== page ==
The emotions of awe and wonder which I felt on viewing the Frozen Ocean, led me to reflect how many ingenious writers, who have bestowed much pains in weaving intricate webs, and forming numerous theories, to explain all things to the satisfaction of their readers, have, like overloaded vessels, suffered shipwreck, and sank in the depths of blindness and of error. This must ever be the case when our wandering imaginations rashly attempt to penetrate the secret wonders of nature, through that dark cloud with which the Almighty has overspread our faculties. It seemed to me that it would not be proper to speak too hastily of this Frozen Sea, in an unfavourable manner; and I was led to amuse my fancy with conjectures, that as the great Author of Nature has presented nothing to us without design, this ocean was to be regarded in another light than as a direct barrier and separation from the rest of the world; and that, if it were possible for any mortal to pass over it, so wonderful a man would perhaps deserve to meet with climates far superior to our own. This imaginary voyage must not, however, make me forget to mention, that I observed in the country, marmots and wild sheep, most beautiful and curious little animals, such as I had not seen any where in my travels, except in Corsica and Sardinia.

            When I Was ready to return, I consulted my worthy friend, Mr. Prokop, on the subject of the nearest road to my own country. From his information, I found that there was little difference, in regard of nearness, between the two routes that offered themselves.

            He advised me, however, to pass through Siberia, rather than to coast along the Frozen Sea by Somoyeda, as there was a probability of my finding some towns which would contribute to defray my expenses. My good friend seemed not much satisfied with the choice I made: we set out, however, and he kindly conducted me as far, I think, as a place called Kirlovo, opposite to the new coast discovered by navigators. He there left me, and I proceeded to coast along the Frozen Sea. I soon found that my friend would have good reason to laugh at my ex-pence, as I met with nothing but miserable villages, in which no comfortable provisions could be procured. The inhabitants, living near the sea, subsist chiefly on dead animals thrown up by the waves, and on the wild beasts which they shoot. If they can find nothing better, they feed on snakes, dogs, cats, rats, mice, and vermin. It was very fortunate for me, that I had been well supplied by my friend with good provisions, otherwise my situation must have been most wretched.

            Persevering in this unpleasant journey, I at length reached Olensk, where things began to assume rather a better appearance. I afterwards passed through Borchatewa, and the lake Pyasina, Staroka, Kamionka, Taurenkansk, till I approached the gulf of Obb. I had yet a long journey to go; but on my arrival at Neiwanskoi, I was informed, that I was then in the province of Tobolsk, remarkable for its curious manufactures in brass, copper, and iron, and in the neighbourhood of a city named Catherineburg, where the Director of the Siberian mines resided.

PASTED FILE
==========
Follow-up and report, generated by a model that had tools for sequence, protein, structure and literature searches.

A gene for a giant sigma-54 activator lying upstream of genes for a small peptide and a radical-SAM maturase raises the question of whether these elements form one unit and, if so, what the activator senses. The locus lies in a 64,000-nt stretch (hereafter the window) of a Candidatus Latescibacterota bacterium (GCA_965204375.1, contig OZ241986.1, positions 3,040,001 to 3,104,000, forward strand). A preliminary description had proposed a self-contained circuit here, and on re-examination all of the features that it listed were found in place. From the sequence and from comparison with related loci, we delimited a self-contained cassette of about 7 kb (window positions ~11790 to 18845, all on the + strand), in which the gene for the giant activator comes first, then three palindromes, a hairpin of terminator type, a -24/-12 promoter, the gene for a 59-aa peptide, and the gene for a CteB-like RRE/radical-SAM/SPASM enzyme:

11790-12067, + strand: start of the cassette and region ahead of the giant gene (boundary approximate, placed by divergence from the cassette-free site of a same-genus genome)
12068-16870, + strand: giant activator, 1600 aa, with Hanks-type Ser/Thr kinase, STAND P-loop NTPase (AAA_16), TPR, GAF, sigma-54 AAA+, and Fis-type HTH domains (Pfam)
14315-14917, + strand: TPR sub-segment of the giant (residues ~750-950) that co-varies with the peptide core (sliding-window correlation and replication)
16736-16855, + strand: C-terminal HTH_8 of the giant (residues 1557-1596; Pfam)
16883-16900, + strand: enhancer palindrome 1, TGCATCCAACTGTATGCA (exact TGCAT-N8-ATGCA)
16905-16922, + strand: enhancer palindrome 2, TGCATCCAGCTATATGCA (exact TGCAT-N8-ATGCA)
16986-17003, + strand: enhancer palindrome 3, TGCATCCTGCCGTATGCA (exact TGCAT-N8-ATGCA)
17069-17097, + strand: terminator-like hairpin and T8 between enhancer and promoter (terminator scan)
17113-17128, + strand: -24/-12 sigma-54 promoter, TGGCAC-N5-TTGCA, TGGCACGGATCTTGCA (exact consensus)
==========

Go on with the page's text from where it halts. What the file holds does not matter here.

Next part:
I hastened to pay a visit to this city, which is situated on the river Yet, and well fortified, having an arsenal, exchange, and custom-house. In short, it appeared excellently calculated for my purpose, of getting a good concert, to recruit my exhausted means, and make good my losses. Unfortunately, however, I had not been provided with letters of recommendation to the Director, a circumstance which caused me some uneasiness; but relying on that good Providence, which had conducted me so far, I ventured to distribute concert bills in the city. One fortunately came into the hands of the Director's daughter, and procured me admission to the family: I immediately received from her father a polite note, containing an invitation to dine with him, and to bring some instruments to make a little concert. I gladly seized the opportunity to secure his patronage, which would so materially advance my interest, and I accepted his kind invitation. He received me with such civility and attention, that I am at a loss to express how greatly I feel indebted to him, and to the whole of his amiable family, for their kindness. I had now a flattering prospect of a lucrative concert, in which I was not disappointed; for this worthy family took such an active part in my behalf, that I was honoured by the attendance of a numerous assembly, and placed in a better situation than I could boast of when I arrived at the town. I remained for some time after my concert, enjoying the pleasant society of the Director's family, and of a few select friends, blessed with most excellent dispositions, and a charming affability. I had no reason to regret the loss of the people whom I had left behind, on the coast of the Frozen Sea, and who were scarcely worthy of a single thought bestowed upon them.